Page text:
The fact that “Åquarium” was released, but not recorded by Melodiya created an addtional problem with regard to the credits printed on the reverse of the album. Melodya could hardly state "recorded at Andrey Tropillo's studio", as no such studio existed officially. On the other hand, it was impossible to pretend that Melodiya itself had recorded the songs in 1984 and 1985 – this would have created a sensation. Melodiya therefore came up with a “Leningrad Rock Club studio” and listed Andrey Tropillo as the recording's sound engineer. Today, Tropillo is often called “producer” even with regard to the 1980s, although he first produced music under his own label АнТроп / AnTrop in 1991. As a matter of fact, the question of who held or holds the rights on a particular production from that period finds no easy answer. Tropillo sometimes released or re-released an album without the consent of the musicians.
Strangely enough, the information on the “Åquarium” record label images is not fully congruent with that on the cover. While on the cover the original recording of the two albums is dated to 1984 and 1985, respectively, both record label images indicate the year 1986 : Запись 1986 г. /Recorded in 1986/.
For example, I’m asking a lot of people, “Could you please explain this to me: January 1980, Aquarium is officially rehearsing at a some factory. And in order to do a rehearsal there, you are supposed to be an amateur band with band members working at this very factory. Yet you are not working at the factory, right? So how can you rehearse there?” […] I’m asking – officially, what is your status? How can you be rehearsing there although you are not working at that factory? It is impossible to understand this today. Although there are theories, but I would love to see a paper stating “Employed as.” Employed as who? So how was the Soviet structure integrating these people from the “parallel” culture of the1980s? more >>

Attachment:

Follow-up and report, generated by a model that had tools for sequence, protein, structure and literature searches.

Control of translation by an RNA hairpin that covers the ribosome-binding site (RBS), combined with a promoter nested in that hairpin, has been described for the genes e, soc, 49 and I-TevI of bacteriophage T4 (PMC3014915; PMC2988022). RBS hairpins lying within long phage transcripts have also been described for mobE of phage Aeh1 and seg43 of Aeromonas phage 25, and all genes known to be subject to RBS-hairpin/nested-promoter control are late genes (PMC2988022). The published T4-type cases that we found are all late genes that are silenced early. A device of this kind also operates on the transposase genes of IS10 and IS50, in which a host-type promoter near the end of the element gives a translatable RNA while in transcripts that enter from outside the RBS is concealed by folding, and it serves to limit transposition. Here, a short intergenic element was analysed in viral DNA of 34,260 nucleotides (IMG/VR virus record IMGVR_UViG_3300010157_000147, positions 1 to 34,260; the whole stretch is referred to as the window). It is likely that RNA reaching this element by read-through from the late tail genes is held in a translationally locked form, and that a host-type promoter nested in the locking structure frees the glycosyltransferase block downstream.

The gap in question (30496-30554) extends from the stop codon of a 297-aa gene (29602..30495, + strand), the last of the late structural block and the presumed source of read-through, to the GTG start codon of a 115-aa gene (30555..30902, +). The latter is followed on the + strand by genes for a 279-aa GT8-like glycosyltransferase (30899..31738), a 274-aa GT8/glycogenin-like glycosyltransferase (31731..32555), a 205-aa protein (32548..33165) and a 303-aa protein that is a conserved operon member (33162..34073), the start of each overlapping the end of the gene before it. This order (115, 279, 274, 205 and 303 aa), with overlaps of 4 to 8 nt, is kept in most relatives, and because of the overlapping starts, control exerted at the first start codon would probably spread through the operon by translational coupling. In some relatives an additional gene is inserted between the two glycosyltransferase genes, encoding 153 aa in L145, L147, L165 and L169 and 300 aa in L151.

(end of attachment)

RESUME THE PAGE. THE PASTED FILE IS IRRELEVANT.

The creative power of the Soviet bureaucracy is often underrated. It is true that it classified anyone and anything, but a rigid scheme of logic doesn't match human behaviour, and human ingenuity always finds a way to accomplish instructions by creating what is now called “alternative facts”. The Soviet system entailed a sophisticated game of mimicry which some played with more skill and others played with less skill, and sometimes it was a gamble. But everybody participated, and bureaucrats were no exception to the rule – least of all those working in art-related jobs, trying to implement their concept of culture.
It is no coincidence that Melodiya faked a “Leningrad Rock Club studio”. The Rock Club, as it was generally called in Leningrad / Saint Petersburg, was founded in 1981 as one of the first of its kind in the Soviet Union. It became the country’s most famous stage for Soviet rock groups and inspired the creation of other Soviet rock clubs during the perestroika years. See “The Leningrad subculture of the 1980s“ >> Alas, no "Leningrad Rock Club studio" ever came into existence, not even in the late perestroika years, but had it been not purely fictitious, it would have stirred the envy of the entire Soviet Rock scene.
Pop Mekhanika performance at the Leningrad Rock Club, December 1985. Sergey Kuryokhin, Mikhail Chernov (saxophone), unidentified saxophonist, Vladimir Boluchevsky, Sergey Zolotov, Chris Cross (bass guitar; Ultravox), Alexander Titov (bass guitar; Aquarium/Kino), Boris Grebenshikov (guitar; Aquarium), Grigory Sologub (guitar, Strannye Igry/Strange Games), Alexander Kondrashkin (drums; Strannye Igry). Photo: (E-E) Evgenij Kozlov more>>
Although the Rock Club neither recorded nor produced any records, its name is connected with an important compilation of music featuring thirty-six Leningrad bands – among them “Aquarium” – recorded at the VIII Rock Festival. It took place in March 1991, on the occasion of the Rock Club's tenth anniversary, along with a large exhibition, “Realia of Russian Rock” more >>. The label Русский диск / Russian Disc published the live recording on four LPs called “Однажды в рок-клубе” / Once upon a time at the Rock Club. It marked the highlight of the Leningrad Rock Club's history, which lost its role as a major venue for rock music in the 1990s and was eventually closed.
The four LPs from the 1991 compilation “Однажды в рок-клубе” /Once upon a time at the Rock Club/ are entitled according to colours.
After the end of the Soviet Union and with the beginning of market economy, many bands re-released their magnitizdat productions on LPs and later on CD. Today, limited editions of vinyl records mark the latest trend. They also include music that has not been released previously, such as “START” by New Composers / Hовые композиторы with Kino band members, an LP with music recorded in 1987 and remastered and edited in 2015 more>>.
|Uploaded 8 May, 2019
Last updated 10 June 2019